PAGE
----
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Kayaking the Douro River

Kayaking along the Douro River

Story & photos by Josephine Parr

Portugal had been on my “list” for as long as I can remember. Maybe, even as a child, I felt connected to the exploring spirit of the country’s past. Now, about to celebrate a birthday that brought a new decade, it was time for me to find my adventure there.  I searched for “kayaking in Portugal.” Douro Kayak popped up and promised me gentle paddling, good food and plentiful wine. I signed up immediately.


I arrived to find Porto, where the trip begins, to be a warm, walking city with the historic center a UNESCO World Heritage Site. Ancient architecture fronted with colorful tiles and patterned sidewalks entice even the jaded into exploring on foot, despite the many hills. In this city where beauty surrounds, I spent my first night of our six day kayaking trip down the Douro in a drab, hermetically sealed tourist hotel. Perhaps it was chosen for the cost, rather than its charms.

Early the next morning, our group of nine walked to the Sao Bento train station to view the famous blue and white tile panoramas adorning the station walls, then boarded the Linha do Douro train to Pocinho, our first stop on the river. Little did we know that the short, yellow train would become our constant companion on the river, causing us to yell “Train!” every time it cheerily sped past our pod of kayaks.

This is not a strenuous trip, as kayaking trips go. Breakfasts are leisurely affairs, with no thought of early schedules. Each day, we would enjoy homemade bread, local cheeses and cured meats. Hard-boiled eggs, fresh jam and sweet butter rounded out our morning feasts. Despite overeating, we would load into the van and head to a nearby grassy or sandy spot to launch our kayaks.

Vineyards everywhere.

The weather and river’s current conspired to make this an easy and glorious journey. We’d start by 9:30am or 10am and paddle past vineyards spanning across the Douro valley and clinging to hills far into the distance. Perfect lines of grape vines molded to every curve and terraced up every hill, creating stripes of green that changed intensity as the sun moved through its day. Traditionally the area has produced port, the region’s famous wine, but more and more the Quintas, or vineyards, are producing internationally recognized wines. The reds are increasing in popularity, with fertile soil and forgiving weather working together to create earthy reds.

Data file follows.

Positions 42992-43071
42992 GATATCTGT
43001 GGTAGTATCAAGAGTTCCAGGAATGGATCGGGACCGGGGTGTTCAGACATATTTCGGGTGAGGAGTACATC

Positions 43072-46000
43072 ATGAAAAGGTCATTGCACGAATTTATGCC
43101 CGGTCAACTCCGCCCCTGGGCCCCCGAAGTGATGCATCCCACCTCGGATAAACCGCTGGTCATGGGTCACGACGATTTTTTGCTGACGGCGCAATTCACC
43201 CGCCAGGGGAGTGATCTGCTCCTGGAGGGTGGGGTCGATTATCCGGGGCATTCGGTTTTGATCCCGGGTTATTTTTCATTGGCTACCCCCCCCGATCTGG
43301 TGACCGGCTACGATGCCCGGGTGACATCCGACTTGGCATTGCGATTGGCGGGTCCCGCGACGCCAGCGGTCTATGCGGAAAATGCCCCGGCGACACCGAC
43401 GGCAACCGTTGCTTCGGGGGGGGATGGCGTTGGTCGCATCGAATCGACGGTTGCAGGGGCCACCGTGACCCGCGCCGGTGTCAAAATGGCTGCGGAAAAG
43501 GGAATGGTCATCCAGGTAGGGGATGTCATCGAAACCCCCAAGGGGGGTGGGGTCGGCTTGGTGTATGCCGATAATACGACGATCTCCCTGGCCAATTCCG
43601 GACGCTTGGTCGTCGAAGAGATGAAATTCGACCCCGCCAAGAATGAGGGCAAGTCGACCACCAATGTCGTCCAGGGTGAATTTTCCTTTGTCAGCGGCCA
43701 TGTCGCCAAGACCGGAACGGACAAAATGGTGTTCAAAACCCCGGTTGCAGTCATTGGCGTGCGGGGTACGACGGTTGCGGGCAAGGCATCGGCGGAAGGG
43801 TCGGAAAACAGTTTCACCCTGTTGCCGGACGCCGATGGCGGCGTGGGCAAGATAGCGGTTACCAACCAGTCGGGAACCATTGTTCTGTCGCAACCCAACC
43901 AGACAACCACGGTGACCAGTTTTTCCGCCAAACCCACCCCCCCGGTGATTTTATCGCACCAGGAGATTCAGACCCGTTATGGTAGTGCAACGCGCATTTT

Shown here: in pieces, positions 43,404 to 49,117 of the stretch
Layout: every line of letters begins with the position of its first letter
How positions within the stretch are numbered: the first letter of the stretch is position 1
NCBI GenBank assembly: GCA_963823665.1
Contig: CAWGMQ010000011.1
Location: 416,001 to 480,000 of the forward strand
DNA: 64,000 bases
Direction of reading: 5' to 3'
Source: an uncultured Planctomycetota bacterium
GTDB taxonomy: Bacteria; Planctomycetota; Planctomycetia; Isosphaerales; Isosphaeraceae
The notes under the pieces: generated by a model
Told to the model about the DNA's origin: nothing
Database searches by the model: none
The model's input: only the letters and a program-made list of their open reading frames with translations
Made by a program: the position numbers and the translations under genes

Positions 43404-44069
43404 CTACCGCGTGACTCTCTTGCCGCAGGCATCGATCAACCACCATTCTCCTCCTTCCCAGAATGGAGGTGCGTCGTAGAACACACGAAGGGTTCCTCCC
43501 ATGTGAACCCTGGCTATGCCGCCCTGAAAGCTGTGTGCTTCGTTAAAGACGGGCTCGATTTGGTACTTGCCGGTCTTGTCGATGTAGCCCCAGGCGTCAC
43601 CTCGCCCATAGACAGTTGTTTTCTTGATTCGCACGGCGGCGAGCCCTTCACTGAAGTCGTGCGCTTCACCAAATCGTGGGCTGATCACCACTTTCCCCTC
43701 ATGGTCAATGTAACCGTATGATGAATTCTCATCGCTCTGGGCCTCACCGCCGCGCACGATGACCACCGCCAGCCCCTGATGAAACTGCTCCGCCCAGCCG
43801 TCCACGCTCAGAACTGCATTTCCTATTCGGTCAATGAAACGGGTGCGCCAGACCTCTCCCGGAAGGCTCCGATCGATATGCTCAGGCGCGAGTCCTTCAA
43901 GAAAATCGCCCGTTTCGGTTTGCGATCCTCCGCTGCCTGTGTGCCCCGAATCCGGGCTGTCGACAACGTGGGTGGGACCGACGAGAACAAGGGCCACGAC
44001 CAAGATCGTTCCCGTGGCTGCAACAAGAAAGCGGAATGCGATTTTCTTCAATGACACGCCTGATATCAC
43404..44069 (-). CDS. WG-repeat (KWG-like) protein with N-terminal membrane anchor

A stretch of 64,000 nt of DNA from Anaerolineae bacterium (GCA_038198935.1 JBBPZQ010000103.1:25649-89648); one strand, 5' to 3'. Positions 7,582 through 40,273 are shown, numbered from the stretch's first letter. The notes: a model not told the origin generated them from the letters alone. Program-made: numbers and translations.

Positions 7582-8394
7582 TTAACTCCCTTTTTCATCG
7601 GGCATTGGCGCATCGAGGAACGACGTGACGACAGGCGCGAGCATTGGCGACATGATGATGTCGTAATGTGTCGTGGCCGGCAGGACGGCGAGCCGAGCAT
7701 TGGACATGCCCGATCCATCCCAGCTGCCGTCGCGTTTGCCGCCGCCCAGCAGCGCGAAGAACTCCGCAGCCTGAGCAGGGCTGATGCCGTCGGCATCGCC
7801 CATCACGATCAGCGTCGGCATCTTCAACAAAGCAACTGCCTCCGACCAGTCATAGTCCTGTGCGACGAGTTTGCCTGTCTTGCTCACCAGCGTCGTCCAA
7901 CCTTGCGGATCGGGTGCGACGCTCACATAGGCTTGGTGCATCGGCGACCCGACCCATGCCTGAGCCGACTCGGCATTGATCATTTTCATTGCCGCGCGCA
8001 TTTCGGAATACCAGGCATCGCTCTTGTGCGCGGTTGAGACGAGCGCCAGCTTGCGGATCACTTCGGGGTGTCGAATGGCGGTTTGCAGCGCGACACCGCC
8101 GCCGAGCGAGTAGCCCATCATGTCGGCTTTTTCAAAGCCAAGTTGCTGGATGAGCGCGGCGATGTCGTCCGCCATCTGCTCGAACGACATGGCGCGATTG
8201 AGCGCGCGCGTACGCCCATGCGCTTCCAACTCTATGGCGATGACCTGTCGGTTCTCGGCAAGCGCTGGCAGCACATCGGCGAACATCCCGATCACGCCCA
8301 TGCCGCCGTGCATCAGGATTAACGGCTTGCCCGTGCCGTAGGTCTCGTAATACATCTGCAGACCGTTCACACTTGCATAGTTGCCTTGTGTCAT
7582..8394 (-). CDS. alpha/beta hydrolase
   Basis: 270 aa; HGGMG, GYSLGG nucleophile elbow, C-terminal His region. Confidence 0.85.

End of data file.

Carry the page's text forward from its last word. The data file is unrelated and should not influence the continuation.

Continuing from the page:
Winery at Quinta do Vesuvio

On one morning, we stopped at the Quinta do Vesúvio, which was started by António Bernardo Ferreira I in the early 1800s and is now owned by the Symington family. The Quinta is credited with helping to develop the Upper Douro wine region and has been producing port for over 200 years. We paddled to a small boat launch, hidden by weeping willows at the base of the family home. Jack, our leader and owner of Douro Kayak Expeditions, arranged a private opportunity for us to wander through the estate’s gardens and to explore the original winery, where grapes have been crushed in the same granite vats for over 200 years.

The historic winery smelled fragrant and earthy as we stepped around the giant barrels of port.  At the end of the building, we found a table draped in a crisp, white cloth, with tasting glasses and two bottles of the Quinta do Vesúvio’s reserve port waiting for us to enjoy. Getting back in our kayaks, post-tasting, was a bit less graceful and our kayak lines were not quite as straight as we headed down the river towards lunch.